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From Clay to Kiln: The Slow Birth of a Plate

In a world where fashions are fleeting and connection is measured in signal strength, the slow, purposeful process of handcrafting a plate – from inspiration in nature, to clay to kiln – is a meditation in thoughtful, considered craft.

Inspiration

Each collection starts in nature. I find inspiration walking among wild grasses on the South Downs, swimming on Brighton’s pebbled beach or when I escape the city for an off-grid camping trip. I let these images evolve in my mind as I sketch and scrawl.

Lino Cutting

The next step is an exercise in mark making. Once I’ve settled on a design I like, I transfer it onto a linoleum block, which I’ll score with lino-cutting tools. It’s a bit like being a sculptor; you have to think in reverse – the material you take a way is what will be raised in the final ceramic piece.

Printing

What’s great about lino cuttings is that they can be reborn in several mediums. The way a design might look when pressed into clay has a very different feel to its paper counterpart. I often like to pair them together in a room.

Rolling and drying

The clay is flattened either by hand or machine – if I’m doing it by hand I’ll use small pieces of wood to guide the thickness. Nobody wants an uneven plate. This done, I’ll leave aside to dry, just a little.

Clay printing

Using the same lino I made in step two, I’ll lay the block – cut side down – over the flattened clay. I press the lino into the clay, using a hand roller to make sure the pressure is even, and to pick up even the most intricate mark. The feeling of peeling back the lino to see my print in clay never gets old.

Moulding

Once printed with its design – whether that’s the Wanderlust, Geoffrey, Wild Oat or Tulip collection – the slap is laid over a plaster mould to form the shape of the plate. After it’s firmed up a bit, I’ll remove the moulded clay and clean up the rim of the plate to make a nice smooth edge.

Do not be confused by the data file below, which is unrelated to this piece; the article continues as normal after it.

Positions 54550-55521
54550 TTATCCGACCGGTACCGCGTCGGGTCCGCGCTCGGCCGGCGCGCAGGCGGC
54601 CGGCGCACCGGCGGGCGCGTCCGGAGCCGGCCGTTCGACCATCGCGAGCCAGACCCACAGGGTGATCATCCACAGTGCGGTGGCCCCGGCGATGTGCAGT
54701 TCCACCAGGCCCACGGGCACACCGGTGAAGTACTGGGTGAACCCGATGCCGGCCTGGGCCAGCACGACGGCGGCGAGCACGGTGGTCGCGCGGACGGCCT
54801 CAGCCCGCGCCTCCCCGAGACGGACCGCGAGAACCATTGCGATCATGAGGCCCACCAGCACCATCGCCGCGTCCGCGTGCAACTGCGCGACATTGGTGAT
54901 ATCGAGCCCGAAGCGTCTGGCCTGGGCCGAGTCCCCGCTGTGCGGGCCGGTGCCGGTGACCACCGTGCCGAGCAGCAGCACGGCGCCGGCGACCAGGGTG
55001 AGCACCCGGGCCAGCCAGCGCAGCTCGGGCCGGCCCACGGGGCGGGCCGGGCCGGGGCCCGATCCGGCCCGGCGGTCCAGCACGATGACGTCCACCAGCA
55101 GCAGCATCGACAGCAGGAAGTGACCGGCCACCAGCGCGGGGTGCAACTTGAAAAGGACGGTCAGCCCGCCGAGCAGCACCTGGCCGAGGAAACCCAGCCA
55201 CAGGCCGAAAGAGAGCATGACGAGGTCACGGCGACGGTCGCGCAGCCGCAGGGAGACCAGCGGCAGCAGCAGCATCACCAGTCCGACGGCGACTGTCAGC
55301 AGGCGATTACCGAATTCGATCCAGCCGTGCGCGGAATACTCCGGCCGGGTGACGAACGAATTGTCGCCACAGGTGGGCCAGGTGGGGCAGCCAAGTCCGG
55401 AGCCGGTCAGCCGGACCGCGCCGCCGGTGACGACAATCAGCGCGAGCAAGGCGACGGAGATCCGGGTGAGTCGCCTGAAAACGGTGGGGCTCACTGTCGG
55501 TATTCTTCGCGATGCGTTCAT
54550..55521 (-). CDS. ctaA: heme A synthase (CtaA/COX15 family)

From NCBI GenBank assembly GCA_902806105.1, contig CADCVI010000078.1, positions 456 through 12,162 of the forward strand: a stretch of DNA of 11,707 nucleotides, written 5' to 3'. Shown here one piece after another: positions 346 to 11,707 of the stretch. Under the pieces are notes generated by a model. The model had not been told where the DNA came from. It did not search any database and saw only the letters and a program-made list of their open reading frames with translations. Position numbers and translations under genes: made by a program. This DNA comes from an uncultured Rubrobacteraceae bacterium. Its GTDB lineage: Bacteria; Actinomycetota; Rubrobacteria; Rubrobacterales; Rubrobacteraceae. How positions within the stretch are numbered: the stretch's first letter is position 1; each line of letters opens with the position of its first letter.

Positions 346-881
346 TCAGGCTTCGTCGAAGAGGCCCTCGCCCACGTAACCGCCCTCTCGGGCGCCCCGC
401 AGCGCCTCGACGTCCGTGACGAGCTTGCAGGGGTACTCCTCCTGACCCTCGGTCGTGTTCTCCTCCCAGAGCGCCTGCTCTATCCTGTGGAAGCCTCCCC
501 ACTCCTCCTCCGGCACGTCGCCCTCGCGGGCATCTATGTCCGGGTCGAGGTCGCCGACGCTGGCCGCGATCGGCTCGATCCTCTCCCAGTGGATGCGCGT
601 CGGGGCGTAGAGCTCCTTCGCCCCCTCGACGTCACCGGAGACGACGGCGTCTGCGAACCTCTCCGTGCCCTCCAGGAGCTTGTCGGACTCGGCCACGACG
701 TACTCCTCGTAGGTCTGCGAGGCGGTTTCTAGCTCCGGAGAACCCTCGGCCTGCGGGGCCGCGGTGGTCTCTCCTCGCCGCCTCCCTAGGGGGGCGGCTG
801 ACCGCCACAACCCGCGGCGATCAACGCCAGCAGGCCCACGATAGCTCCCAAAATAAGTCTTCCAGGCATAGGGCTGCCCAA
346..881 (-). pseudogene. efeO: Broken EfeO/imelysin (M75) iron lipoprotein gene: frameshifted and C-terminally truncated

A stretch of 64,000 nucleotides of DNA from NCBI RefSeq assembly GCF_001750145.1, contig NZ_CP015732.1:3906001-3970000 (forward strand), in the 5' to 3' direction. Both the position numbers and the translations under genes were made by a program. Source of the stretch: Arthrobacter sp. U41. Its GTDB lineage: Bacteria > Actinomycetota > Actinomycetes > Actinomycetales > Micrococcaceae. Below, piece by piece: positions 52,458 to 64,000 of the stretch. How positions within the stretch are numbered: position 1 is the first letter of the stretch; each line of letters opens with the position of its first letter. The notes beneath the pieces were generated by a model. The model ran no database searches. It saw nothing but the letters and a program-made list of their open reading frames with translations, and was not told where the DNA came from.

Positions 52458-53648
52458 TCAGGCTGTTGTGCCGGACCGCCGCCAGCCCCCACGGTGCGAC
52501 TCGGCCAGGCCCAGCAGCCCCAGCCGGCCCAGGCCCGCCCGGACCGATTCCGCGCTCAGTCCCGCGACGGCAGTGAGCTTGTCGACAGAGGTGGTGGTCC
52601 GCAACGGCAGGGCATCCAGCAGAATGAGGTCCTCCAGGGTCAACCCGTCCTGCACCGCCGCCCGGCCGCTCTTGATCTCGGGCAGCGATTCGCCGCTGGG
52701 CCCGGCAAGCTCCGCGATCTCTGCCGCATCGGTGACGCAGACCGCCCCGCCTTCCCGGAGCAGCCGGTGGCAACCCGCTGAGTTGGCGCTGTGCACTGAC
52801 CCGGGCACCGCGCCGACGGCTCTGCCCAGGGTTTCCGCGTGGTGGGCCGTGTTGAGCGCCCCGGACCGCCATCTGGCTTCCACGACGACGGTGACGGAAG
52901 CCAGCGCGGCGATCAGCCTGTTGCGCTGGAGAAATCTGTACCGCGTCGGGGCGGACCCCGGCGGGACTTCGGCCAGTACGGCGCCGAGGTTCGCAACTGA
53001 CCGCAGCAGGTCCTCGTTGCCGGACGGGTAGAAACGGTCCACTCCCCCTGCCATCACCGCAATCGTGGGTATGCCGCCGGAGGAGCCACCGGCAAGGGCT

Drying

Drying is one of the most variable stages of the ceramics-making process. Depending on the weather, this can take anywhere between a day and a week. What’s important is making sure it dries evenly, so the plate doesn’t warp. It needs to be bone-dry before it goes in the kiln; too wet and it will crack.

First firing

Up until this point, the clay is a reusable material. If I were to put it back into water, it would eventually return to the material I started with in step four. But this piece of clay was born to be a plate. It goes into the kiln up to  950°C, which vitrifies the clay and turns it into pottery. This little hare is my kiln god; he stands on the kiln and prevents anything from breaking – fingers crossed.

Glazing

Out of the kiln, the plate is now known as bique, which is a fancy way of saying that it’s unglazed pottery. If you run your hand over it, it feels rough and porous – the perfect texture for holding a glaze. It takes a lot of time and experimentation to get the colours of glazes just right. This plate is going to be XX, which I made from XXX.

Second firing

Once the glaze has been poured over the plate, it’s back into the kiln for a second firing, this time to a higher temperature of 1240°C. My trusty kiln god is watching over as always.

Dinner time

And that’s it, the slow journey of a plate, from clay to kiln, and ready to go to your kitchen.

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